But patients with advanced lung and kidney tumours or melanoma now have more of a fighting chance.
Touted as a ‘miracle drug’, the immunotherapy medication “Opdivo” has just been listed on the Pharmaceutical Benefits Scheme (PBS).
The Federal Health Minister made the announcement, explaining that the PBS listing slashes the price from around $5000 a dose to less than $40.
It will cost the Commonwealth around a billion dollars – but Minister Greg Hunt said it was worth every cent.
“Normally these drugs would cost $130 thousand a year, just simply beyond the reach of virtually every Australian,” Mr Hunt said today.
Opdivo, otherwise known as “nivolumab”, is currently prescribed as a last resort treatment for advanced cancers of the lungs, renal system or melanomas.
AFL player Jarryd Roughead took Opdivo in combination with other immunotherapy medications to treat his melanoma.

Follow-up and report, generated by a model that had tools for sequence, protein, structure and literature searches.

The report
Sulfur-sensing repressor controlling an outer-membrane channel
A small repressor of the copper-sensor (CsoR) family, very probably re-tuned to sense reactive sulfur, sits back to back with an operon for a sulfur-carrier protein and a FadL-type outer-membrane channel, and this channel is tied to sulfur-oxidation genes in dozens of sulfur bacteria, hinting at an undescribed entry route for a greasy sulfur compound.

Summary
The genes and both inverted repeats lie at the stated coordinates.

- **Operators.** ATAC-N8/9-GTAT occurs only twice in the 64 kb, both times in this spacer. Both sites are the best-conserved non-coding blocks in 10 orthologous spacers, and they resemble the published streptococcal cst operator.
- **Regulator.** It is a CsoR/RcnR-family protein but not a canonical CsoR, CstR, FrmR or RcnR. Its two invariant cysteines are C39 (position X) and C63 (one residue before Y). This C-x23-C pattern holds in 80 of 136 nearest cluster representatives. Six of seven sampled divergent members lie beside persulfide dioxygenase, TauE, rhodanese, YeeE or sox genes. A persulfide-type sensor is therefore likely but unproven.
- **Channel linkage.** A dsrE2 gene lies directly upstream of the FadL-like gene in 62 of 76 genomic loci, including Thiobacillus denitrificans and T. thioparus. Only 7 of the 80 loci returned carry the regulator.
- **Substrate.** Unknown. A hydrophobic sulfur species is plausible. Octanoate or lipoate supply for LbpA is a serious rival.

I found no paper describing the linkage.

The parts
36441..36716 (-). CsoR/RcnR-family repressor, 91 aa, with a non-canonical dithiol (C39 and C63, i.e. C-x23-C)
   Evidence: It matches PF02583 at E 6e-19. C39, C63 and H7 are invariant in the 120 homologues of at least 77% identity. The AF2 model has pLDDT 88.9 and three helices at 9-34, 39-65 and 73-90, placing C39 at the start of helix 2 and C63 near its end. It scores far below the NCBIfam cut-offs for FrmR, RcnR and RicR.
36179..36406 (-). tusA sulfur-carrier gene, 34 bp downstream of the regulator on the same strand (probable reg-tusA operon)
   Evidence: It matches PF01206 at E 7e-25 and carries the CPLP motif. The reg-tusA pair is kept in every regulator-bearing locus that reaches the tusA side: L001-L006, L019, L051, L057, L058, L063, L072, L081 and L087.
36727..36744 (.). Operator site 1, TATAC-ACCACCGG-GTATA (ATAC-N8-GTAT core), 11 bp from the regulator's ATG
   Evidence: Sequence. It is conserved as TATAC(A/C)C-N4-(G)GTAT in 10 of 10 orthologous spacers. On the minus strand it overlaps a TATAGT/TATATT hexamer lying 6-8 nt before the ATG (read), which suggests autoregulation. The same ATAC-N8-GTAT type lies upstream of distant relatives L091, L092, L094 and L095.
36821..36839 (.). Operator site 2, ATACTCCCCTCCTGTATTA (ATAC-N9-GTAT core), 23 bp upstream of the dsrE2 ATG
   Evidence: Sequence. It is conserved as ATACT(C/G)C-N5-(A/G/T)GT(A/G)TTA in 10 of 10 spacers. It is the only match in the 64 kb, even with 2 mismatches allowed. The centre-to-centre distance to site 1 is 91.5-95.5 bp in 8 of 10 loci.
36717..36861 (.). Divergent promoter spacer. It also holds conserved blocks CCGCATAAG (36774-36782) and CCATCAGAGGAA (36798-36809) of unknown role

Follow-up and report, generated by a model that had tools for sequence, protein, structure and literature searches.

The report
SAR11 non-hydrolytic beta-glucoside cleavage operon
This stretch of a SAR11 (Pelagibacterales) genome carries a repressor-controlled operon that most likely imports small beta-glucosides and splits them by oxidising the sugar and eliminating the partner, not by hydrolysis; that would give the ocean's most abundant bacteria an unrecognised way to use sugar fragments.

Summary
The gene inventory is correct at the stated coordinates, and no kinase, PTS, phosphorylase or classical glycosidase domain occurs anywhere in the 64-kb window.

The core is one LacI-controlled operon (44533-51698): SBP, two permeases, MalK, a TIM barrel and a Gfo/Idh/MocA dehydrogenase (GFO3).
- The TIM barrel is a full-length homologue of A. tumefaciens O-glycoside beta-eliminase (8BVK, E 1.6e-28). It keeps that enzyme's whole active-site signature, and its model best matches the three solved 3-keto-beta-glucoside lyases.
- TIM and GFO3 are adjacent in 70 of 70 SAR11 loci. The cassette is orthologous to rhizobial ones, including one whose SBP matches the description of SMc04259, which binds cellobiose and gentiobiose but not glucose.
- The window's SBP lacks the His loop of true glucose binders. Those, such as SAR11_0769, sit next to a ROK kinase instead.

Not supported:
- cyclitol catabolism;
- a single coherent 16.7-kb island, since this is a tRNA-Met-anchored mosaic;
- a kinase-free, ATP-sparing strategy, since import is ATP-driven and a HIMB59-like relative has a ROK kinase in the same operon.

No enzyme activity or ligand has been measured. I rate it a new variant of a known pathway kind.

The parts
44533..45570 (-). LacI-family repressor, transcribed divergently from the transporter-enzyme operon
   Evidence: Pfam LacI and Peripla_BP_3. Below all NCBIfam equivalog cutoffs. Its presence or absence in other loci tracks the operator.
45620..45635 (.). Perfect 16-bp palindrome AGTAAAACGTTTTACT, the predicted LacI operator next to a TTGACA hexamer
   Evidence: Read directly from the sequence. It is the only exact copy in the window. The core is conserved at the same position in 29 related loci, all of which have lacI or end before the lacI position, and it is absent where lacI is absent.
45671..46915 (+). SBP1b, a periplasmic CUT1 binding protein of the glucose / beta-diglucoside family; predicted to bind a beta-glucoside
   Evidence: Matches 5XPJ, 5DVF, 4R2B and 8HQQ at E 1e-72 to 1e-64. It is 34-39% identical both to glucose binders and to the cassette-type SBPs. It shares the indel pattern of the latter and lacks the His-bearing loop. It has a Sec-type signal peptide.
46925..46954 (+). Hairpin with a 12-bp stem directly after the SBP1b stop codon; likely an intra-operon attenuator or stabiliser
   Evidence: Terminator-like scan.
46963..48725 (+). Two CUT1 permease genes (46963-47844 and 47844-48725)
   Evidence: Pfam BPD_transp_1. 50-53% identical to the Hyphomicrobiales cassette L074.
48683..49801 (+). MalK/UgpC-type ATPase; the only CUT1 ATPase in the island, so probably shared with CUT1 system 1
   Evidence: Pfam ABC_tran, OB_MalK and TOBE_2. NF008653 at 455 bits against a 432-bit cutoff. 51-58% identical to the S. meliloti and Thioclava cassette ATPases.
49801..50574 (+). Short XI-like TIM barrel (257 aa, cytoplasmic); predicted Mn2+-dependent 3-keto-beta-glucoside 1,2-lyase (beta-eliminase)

The Hawthorn captain is now fit and healthy enough to take to the field this footy season.
Melbourne grandfather Greg McLeod also credits the drug with extending his life.
When the 68-year-old was diagnosed with late stage lung cancer in early 2015, his family didn't think he would live to see Christmas.
His wife Judy gathered the grandchildren for a family photo, fearing the worst.
“I was going to die. There was no doubt about that. I mean the tumour had continued to grow,” Mr McLeod said.
Associate Professor Thomas John’s decision to treat Mr McLeod with Opdivo has definitely prolonged his patient’s life.
“The result has been, as far as I'm concerned, quite spectacular,” Mr McLeod said.
Assc. Prof. John said Opdivo has “revolutionised cancer treatments across the board.”